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February 2012

February 27, 2012

The Santorum Predicament - I enjoyed Dr. Mohler’s take on The Santorum Predicament. “Rick Santorum is still a long shot for the Republican nomination, but his candidacy and its coverage in the mainstream media tell us a great deal about the fate of conservative candidates and conservative convictions in the public square.”

Bethlehem Succession Plan - It’s interesting to read about Bethlehem Baptist Church’s succession plan for John Piper. It is an unusual process to have to go through—to seek to replace a preacher like John Piper (who intends to step down from his preaching role in the summer of 2014).

Praying During Sermon Prep - Here’s one for the pastor: a guide on how to pray during sermon preparation. It can also help the non-preacher know how to pray for the guy preparing the sermon!

And While Preparing to Lead Worship - Inspired by the previous article, Matt Boswell has come up with a list of 8 ways to pray while preparing to serve as a worship leader.

Evaluating Movies - There is no one way to evaluate movies that will always filter the good from the bad, so I’m always interested in hearing how others go about it. Here is Randy Alcorn’s take.

Our old man is crucified, but he is long at dying. —C.H. Spurgeon

February 26, 2012

This seemed like a pertinent quote for a Sunday morning. As we head to church and listen to the preaching of the Word, I’m sure it will be profitable to think just a moment about the unction of the Holy Spirit. This quote comes from Charles Spurgeon’s An All-Round Ministry.

One thing more, and it is this. Let us, dear brethren, try to get saturated with the gospel. I always find that I can preach best when I can manage to lie a-soak in my text. I like to get a text, and find out its meaning and bearings, and so on; and then, after I have bathed in it, I delight to lie down in it, and let it soak into me. It softens me, or hardens me, or does whatever it ought to do to me, and then I can talk about it. You need not be very particular about the words and phrases if the spirit of the text has filled you; thoughts will leap out, and find raiment for themselves. Become saturated with spices, and you will smell of them; a sweet perfume will distill from you, and spread itself in every direction; — we call it unction. Do you not love to listen to a brother who abides in fellowship with the Lord Jesus? Even a few minutes with such a man is refreshing, for, like his Master, his paths drop fatness. Dwell in the truth, and let the truth dwell in you. Be baptized into its spirit and influence, that you may impart thereof to others. If you do not believe the gospel, do not preach it, for you lack an essential qualification; but even if you do believe it, do not preach it until you have taken it up into yourself as the wick takes up the oil. So only can you be a burning and a shining light.

February 25, 2012

To Praise Bands - James Smith recently penned an interesting and controversial letter to praise bands. I don’t agree with all he said, but I do appreciate the way he has stimulated my thoughts on the matter. It’s a conversation worth having.

The Land of My Heritage - Luma Simms has an article on her family’s heritage in Iraq, a nation they fled in the ‘70’s.

Landscapes - This is an amazing photo gallery of landscapes. I don’t think you need to connect on Google+ in order to view it.

I Asked the Lord - This is a lesser-known hymn from Newton, but a very powerful one. 

Slum Dwellers - “One billion people worldwide live in slums, a number that will likely double by 2030. The characteristics of slum life vary greatly between geographic regions, but they are generally inhabited by the very poor or socially disadvantaged. Slum buildings can be simple shacks or permanent and well-maintained structures but lack clean water, electricity, sanitation and other basic services.” The Big Picture has a photo gallery.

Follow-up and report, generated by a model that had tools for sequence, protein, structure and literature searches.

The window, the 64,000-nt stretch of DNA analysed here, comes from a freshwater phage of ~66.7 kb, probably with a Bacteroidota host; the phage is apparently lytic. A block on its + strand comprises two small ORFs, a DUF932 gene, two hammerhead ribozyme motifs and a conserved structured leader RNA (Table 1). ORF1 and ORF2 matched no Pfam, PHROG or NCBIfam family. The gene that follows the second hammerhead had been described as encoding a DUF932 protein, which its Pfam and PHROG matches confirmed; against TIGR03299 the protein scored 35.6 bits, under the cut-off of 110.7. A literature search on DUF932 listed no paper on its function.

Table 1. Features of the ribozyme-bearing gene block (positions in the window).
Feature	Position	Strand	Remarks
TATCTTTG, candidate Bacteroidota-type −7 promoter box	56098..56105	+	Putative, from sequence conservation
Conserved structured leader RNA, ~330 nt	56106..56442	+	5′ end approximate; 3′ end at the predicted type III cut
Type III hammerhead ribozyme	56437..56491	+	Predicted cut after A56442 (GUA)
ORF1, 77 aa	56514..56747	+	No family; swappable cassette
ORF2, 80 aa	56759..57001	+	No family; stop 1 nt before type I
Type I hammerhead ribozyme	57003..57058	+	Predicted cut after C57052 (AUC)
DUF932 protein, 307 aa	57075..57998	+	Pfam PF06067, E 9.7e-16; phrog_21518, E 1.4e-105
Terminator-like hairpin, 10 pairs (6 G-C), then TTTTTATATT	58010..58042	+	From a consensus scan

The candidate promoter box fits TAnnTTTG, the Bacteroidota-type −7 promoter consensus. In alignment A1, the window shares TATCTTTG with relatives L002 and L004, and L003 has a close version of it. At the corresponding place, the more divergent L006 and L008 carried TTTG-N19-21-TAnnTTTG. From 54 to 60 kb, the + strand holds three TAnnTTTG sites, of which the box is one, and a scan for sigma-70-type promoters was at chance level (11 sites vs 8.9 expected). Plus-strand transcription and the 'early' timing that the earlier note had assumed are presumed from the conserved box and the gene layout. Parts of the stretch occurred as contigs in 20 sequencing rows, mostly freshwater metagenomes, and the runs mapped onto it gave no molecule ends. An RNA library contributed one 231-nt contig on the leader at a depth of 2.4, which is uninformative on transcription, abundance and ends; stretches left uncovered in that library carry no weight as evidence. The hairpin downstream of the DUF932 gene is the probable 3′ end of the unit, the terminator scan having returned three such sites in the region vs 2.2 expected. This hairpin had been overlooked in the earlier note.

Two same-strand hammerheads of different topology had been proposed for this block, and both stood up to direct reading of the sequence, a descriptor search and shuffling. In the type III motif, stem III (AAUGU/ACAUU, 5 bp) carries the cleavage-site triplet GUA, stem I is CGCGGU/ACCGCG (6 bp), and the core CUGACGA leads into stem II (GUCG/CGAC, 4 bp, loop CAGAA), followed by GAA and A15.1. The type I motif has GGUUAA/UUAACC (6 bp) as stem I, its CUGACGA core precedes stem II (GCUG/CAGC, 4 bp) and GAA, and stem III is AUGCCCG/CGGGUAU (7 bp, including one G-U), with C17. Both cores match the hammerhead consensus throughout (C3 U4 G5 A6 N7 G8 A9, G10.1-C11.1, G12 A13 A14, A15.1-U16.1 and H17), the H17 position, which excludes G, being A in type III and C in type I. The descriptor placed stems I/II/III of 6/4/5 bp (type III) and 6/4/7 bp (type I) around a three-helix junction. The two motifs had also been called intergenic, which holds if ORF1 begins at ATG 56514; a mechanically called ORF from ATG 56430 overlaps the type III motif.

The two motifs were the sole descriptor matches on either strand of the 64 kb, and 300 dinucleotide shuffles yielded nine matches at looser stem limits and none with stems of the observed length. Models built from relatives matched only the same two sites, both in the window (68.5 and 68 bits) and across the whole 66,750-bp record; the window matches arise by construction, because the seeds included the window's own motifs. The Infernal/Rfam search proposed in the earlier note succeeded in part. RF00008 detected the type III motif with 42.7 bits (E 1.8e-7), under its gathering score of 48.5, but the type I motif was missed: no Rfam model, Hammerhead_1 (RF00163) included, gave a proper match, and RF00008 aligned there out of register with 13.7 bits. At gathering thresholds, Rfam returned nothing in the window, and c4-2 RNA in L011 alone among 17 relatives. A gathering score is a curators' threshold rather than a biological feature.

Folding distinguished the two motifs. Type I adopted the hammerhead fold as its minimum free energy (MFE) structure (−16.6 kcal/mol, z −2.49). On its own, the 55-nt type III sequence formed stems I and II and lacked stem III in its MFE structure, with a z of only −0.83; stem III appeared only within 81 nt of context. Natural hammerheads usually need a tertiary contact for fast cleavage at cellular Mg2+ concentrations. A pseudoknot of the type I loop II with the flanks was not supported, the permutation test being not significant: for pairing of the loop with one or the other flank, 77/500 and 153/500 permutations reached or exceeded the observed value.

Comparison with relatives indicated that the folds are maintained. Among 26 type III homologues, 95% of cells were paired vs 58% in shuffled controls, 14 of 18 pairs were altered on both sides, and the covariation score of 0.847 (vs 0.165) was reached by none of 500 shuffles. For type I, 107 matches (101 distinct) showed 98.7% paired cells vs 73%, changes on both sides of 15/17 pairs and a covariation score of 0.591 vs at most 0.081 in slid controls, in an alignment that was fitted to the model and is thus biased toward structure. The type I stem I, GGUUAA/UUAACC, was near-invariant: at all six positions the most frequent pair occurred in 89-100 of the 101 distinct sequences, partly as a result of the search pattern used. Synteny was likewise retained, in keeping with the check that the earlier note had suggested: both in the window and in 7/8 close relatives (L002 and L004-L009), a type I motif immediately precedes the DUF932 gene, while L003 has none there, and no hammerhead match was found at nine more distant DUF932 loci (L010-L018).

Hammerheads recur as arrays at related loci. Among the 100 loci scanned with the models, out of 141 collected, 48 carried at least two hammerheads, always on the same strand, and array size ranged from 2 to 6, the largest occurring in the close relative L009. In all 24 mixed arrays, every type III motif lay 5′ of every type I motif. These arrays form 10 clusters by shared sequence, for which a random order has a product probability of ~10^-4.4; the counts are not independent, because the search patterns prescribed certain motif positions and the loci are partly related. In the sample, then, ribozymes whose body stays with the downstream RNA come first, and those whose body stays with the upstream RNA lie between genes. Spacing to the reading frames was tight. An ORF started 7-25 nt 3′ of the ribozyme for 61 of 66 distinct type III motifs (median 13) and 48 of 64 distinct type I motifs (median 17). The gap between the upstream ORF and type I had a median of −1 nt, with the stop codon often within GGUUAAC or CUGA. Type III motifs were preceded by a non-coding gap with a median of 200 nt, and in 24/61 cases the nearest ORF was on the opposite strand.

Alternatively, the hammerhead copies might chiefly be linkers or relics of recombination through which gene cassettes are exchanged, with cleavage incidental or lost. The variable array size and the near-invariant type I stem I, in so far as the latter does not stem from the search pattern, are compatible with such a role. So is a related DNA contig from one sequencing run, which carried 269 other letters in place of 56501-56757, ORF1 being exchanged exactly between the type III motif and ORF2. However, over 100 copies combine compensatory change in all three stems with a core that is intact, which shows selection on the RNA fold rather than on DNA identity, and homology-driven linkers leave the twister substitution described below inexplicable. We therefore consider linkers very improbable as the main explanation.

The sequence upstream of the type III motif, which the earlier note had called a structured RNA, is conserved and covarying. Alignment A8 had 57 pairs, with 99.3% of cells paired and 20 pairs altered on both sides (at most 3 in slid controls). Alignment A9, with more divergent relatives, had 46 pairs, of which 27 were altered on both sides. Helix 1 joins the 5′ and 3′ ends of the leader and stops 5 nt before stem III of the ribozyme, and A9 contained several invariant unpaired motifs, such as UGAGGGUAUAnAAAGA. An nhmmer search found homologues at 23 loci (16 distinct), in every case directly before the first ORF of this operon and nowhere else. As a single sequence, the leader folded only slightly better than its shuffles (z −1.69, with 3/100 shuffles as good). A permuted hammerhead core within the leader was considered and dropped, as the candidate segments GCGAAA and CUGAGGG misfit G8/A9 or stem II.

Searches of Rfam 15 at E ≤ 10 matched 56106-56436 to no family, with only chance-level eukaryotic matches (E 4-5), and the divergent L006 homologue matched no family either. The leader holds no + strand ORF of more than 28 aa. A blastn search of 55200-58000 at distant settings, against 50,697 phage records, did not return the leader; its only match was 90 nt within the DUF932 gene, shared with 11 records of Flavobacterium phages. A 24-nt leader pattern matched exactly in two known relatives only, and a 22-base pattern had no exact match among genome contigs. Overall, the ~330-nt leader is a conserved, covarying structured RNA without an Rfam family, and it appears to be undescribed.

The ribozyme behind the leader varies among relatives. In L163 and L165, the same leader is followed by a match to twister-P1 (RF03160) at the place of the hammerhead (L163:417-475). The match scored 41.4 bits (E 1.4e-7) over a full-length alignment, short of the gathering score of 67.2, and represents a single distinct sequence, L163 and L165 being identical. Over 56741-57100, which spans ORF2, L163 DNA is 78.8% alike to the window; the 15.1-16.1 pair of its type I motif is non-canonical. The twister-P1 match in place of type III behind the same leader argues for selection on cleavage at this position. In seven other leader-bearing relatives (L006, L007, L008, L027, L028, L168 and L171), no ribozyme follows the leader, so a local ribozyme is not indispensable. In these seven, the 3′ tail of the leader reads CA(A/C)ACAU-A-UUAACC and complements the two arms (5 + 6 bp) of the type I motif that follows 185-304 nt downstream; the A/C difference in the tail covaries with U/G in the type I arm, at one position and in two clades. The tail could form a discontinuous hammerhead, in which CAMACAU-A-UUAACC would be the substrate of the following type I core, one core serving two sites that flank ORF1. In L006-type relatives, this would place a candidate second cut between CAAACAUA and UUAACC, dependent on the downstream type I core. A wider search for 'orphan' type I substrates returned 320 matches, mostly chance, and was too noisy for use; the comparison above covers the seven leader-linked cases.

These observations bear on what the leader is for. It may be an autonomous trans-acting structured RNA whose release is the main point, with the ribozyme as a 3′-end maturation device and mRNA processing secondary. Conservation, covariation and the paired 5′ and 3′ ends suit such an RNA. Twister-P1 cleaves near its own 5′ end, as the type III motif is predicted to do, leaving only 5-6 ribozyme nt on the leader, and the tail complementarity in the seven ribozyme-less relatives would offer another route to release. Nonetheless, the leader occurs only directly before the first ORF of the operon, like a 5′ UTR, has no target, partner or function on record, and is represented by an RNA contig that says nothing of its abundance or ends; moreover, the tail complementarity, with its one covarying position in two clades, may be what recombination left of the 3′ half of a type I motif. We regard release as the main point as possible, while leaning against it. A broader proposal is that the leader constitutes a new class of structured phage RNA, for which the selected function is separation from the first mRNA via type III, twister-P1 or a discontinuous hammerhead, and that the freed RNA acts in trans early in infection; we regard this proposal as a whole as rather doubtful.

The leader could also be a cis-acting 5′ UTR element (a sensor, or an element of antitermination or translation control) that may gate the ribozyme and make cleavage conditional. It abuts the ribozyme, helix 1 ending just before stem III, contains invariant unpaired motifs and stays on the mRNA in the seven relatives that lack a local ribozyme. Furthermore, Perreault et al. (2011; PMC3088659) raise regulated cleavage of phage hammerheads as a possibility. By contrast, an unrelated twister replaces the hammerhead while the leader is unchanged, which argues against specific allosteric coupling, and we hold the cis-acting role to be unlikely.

Born that Way? - Stand to Reason offers a way to engage with people who say “I was just born this way.”

4 Preaching Tips - “I have never met a preacher who did not want to increase the effectiveness of his sermon. The question is where to start? We often, and rightly so, head over towards the practical application of the Word itself. We spend more time praying, reading, studying, writing, and thinking. These are good and right. I encourage all of this. But the focus of this post is a little different.”

A God who could pardon without justice might one of these days condemn without reason. —C.H. Spurgeon

February 24, 2012

When it comes to supposed contradictions in the Bible, a classic example is Paul vs. James on the subject of justification. Paul says, “For we hold that one is justified by faith apart from works of the law” (Romans 3:28). James says, “You see that a person is justified by works and not by faith alone” (James 2:24).

The tension between the two seems irreconcilable at first glance: either a person is justified apart from works or they aren’t; either Paul is right or James is. They can’t both be right; that would be irrational, postmodern thinking in which truth is relative and, therefore, meaningless. But not necessarily. We have to remember that a single word can have more than one meaning, depending on the context in which it is used. The same word can even be used in seemingly opposing statements and yet both can still be true. (My favorite example is “cleave,” a word that has two directly opposed meanings.)

For example, if I say, “Man is an animal,” this is true in one sense. Man is, biologically speaking, a living creature, created on the same day and with a physiology very much like other mammals. On the other hand, if I say, “Man is not an animal,” this is also true. In a spiritual sense, he is not an animal. Man constitutes a distinct class of creature, one who is moral, fallible, redeemable, and made in the image of God.

February 24, 2012

Free Stuff Fridays
This week’s Free Stuff Friday is sponsored by CBD Reformed and, as always, they are offering up 5 great prize packages, each of which contains 3 items. Among those items are two of my favorite books from 2011.

  • Tempted and TriedA Year with C.S. Lewis: Daily Readings From His Classic Works - Retail price $22.99